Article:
What investors should know…


Günter Wiskot from BLAFOC Forest Consulting GmbH advises medium-sized businesses on their India business. His book "Gods , mobile phones and business" unites 38 years of experience in India. He is also the founder and director of the German Indian Roundtable in Karlsruhe - GIRT. We asked Mr. Wiskot about the most frequently made mistakes, representative stories, and recommendations for SMEs.

GSC: Which mistakes are most frequently made by owner-operated medium-sized companies in India?

Günter Wiskot: One of the most common mistakes made in India is the fact that German entrepreneurs are often too naive in their approach to the business and do not inform themselves early enough or with enough detail about the business world in India. Many of them assume the initial business contact in India to be the same as in Germany. This often leads to misunderstandings, which are identified only in retrospect. It is wrong to believe that already the first meeting with a business partner leads to a contract in India. For instance, after having visited a fair and expressed your interest in both of you working as distribution partners, many Germans anticipate that cooperation will begin soon. However, it is necessary to establish a relationship of trust during a number of sessions before it comes to a contract. Additionally, misunderstandings often arise due to the entrepreneurs' lack of understanding of the key cultural differences. For instance, you will never hear an Indian say "no" as directly as Germans might say it. Here, Germans are required to read between the lines and learn to take expressions such as "Not an easy question" or "We will think about it" for a "No".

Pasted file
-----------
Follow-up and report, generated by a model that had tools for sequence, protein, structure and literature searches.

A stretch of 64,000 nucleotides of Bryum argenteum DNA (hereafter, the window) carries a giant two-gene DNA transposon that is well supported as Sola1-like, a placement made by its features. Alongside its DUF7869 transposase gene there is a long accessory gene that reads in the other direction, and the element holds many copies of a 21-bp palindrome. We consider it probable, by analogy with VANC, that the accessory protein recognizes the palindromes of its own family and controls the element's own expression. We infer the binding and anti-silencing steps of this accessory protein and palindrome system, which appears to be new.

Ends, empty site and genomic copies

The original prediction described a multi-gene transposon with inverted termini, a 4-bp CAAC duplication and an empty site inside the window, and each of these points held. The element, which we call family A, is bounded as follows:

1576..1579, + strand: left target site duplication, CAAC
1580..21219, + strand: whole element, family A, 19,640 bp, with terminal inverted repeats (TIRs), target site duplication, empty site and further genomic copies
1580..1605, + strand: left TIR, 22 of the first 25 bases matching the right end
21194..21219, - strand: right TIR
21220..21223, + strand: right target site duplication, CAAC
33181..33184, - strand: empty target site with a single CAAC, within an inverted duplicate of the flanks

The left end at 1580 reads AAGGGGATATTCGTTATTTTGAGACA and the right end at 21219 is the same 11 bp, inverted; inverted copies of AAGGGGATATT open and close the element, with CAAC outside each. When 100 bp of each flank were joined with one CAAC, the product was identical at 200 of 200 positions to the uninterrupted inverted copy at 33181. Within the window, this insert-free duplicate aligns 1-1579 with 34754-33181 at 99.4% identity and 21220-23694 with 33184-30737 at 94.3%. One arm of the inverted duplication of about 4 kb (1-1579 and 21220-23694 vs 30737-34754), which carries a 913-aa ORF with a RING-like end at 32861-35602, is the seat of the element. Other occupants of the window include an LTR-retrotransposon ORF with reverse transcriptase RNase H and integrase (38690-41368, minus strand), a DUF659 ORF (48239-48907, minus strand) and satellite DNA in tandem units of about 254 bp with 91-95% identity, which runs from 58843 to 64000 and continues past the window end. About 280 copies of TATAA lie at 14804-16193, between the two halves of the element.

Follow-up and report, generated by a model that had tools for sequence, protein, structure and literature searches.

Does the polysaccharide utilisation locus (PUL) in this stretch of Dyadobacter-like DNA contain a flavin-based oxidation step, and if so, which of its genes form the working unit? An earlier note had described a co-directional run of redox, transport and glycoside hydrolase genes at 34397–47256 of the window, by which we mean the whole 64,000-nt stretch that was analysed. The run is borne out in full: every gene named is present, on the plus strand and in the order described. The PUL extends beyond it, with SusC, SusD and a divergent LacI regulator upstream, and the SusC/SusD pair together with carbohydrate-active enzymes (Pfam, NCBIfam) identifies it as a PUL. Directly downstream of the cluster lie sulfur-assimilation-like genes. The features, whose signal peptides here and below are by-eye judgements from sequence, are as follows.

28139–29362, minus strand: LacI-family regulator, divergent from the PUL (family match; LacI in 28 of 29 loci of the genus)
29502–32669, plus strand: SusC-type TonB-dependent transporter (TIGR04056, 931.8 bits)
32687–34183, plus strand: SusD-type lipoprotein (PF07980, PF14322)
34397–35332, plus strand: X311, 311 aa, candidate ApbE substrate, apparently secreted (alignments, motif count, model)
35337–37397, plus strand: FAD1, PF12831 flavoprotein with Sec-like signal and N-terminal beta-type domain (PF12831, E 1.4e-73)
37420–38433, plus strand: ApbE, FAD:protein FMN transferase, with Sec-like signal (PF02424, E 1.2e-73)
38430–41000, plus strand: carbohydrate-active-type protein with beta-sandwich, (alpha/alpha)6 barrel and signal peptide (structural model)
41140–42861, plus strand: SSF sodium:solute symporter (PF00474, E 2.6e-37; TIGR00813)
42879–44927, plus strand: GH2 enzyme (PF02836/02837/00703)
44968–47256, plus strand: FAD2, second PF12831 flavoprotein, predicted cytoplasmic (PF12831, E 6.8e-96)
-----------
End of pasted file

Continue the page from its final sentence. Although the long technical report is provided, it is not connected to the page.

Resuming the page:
An additional consideration is that the products of German manufacturers need to be adjusted to the Indian market. In India, demand for simple solutions is higher than for complex, multi-functional products. Especially advanced German machinery often needs to be slimmed down in their functions for the Indian. In order to be competitive, companies are required to adapt their products in terms of price, functions, and packaging design to the Indian habits. A well-known example of the packaging is the story of Unilever. The standard package sizes of washing powder, shampoo, etc. sold in Germany have not sold well in the Indian market. When Unilever started to sell their products in small packs – known as trial packs in Germany – to slowly introduce the Indians to the new product, they were successful. With the choice of this pack size they hit the mark and accidentally discovered the correct pack size with which they are very successful in India.